Oncology & Cancer

Protein found to play key role in the spread of pancreatic cancer

Researchers from the University of Liverpool working with colleagues from around the globe have found an explanation for how pancreatic cancer spreads to the liver. These findings potentially hold the key to stopping this ...

Oncology & Cancer

To stop cancer's spread, take out its communication channels

Metastasis - or the spread of cancer from one part of the body to other parts - accounts for more than 90 percent of cancer-related deaths. Although the cells that seed metastasis and the sites that they tend to travel to ...

Oncology & Cancer

Researchers identify drug against the formation of metastasis

The most deadly aspect of breast cancer is metastasis, cancer cells spreading throughout the body. Researchers at the University and the University Hospital of Basel have now discovered a substance that suppresses the formation ...

Medications

Stress hormones promote breast cancer metastasis

It has long been thought that stress contributes to cancer progression. Scientists from the University of Basel and the University Hospital of Basel have deciphered the molecular mechanisms linking breast cancer metastasis ...

Oncology & Cancer

Enzyme controlling metastasis of breast cancer identified

Researchers at the University of California, San Diego School of Medicine have identified an enzyme that controls the spread of breast cancer. The findings, reported in the current issue of PNAS, offer hope for the leading ...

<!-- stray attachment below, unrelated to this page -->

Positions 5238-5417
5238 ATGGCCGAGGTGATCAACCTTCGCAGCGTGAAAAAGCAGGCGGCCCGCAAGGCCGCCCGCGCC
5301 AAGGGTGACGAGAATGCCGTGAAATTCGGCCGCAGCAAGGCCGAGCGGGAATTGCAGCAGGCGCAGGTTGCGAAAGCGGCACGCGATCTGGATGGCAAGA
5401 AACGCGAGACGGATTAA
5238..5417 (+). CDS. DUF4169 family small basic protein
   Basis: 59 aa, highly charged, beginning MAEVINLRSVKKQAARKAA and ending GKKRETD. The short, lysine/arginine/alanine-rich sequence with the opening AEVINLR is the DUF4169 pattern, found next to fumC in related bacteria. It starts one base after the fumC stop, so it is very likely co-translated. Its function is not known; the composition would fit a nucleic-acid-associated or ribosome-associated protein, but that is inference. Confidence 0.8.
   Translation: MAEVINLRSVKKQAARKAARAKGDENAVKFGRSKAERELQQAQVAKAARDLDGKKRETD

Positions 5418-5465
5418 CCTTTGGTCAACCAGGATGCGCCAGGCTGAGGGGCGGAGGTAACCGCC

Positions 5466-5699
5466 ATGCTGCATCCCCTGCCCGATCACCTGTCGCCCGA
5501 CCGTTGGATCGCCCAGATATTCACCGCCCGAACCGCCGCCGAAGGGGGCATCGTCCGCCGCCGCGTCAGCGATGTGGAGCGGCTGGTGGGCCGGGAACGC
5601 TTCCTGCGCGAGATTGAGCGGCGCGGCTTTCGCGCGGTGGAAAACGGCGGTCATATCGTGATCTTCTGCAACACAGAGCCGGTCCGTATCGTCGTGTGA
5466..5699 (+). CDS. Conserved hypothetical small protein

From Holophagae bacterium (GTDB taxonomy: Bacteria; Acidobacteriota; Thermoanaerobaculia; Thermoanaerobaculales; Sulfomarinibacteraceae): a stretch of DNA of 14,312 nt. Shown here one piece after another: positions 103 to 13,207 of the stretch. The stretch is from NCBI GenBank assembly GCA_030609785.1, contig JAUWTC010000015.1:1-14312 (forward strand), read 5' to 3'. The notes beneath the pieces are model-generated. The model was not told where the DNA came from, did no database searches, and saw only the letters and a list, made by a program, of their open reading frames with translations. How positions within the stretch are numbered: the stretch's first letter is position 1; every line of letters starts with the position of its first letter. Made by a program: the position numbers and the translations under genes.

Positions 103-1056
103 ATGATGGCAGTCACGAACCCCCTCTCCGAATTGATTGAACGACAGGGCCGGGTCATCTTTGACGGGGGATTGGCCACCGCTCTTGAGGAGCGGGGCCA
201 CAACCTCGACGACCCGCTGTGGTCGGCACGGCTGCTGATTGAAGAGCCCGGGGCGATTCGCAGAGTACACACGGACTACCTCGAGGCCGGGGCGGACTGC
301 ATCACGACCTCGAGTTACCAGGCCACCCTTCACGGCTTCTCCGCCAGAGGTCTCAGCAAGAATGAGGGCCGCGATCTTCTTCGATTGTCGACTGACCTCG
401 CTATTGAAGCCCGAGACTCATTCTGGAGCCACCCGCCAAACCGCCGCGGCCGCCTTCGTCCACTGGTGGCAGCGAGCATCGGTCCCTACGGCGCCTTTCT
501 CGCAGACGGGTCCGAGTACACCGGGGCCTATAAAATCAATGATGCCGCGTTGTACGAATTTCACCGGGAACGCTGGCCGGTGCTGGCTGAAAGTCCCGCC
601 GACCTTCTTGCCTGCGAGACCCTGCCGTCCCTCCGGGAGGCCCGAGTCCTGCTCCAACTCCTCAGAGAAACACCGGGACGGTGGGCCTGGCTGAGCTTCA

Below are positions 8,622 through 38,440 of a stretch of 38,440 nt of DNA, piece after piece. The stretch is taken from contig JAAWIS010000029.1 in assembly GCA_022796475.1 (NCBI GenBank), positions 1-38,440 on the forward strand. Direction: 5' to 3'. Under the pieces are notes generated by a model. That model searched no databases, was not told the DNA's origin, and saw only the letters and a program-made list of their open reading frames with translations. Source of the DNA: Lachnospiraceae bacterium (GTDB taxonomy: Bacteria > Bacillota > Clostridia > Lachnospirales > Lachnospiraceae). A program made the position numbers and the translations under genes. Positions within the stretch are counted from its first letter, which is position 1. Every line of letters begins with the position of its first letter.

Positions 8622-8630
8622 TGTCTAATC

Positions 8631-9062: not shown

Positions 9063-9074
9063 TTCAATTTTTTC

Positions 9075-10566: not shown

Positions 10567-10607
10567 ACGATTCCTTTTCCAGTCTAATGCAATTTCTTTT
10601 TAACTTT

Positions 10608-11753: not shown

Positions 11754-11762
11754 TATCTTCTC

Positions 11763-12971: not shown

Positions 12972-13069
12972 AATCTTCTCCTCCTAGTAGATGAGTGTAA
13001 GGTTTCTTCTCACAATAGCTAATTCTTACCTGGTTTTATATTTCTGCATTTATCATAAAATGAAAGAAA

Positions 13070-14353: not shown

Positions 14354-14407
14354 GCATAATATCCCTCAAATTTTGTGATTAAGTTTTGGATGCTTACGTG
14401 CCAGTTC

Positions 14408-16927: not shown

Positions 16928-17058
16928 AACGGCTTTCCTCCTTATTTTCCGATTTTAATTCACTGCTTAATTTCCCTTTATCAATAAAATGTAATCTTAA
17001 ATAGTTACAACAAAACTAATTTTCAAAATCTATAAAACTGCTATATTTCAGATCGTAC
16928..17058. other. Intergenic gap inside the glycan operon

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Metastasis

Metastasis (Greek: displacement, μετά=next + στάσις=placement, plural: metastases), or Metastatic disease, sometimes abbreviated mets, is the spread of a disease from one organ or part to another non-adjacent organ or part. Only malignant tumor cells and infections have the established capacity to metastasize; however, this is recently reconsidered by new research.

Cancer cells can break away, leak, or spill from a primary tumor, enter lymphatic and blood vessels, circulate through the bloodstream, and settle down to grow within normal tissues elsewhere in the body. Metastasis is one of three hallmarks of malignancy (contrast benign tumors). Most tumors and other neoplasms can metastasize, although in varying degrees (e.g., glioma and basal cell carcinoma rarely metastasize).

When tumor cells metastasize, the new tumor is called a secondary or metastatic tumor, and its cells are like those in the original tumor. This means, for example, that, if breast cancer metastasizes to the lungs, the secondary tumor is made up of abnormal breast cells, not of abnormal lung cells. The tumor in the lung is then called metastatic breast cancer, not lung cancer.

This text uses material from Wikipedia, licensed under CC BY-SA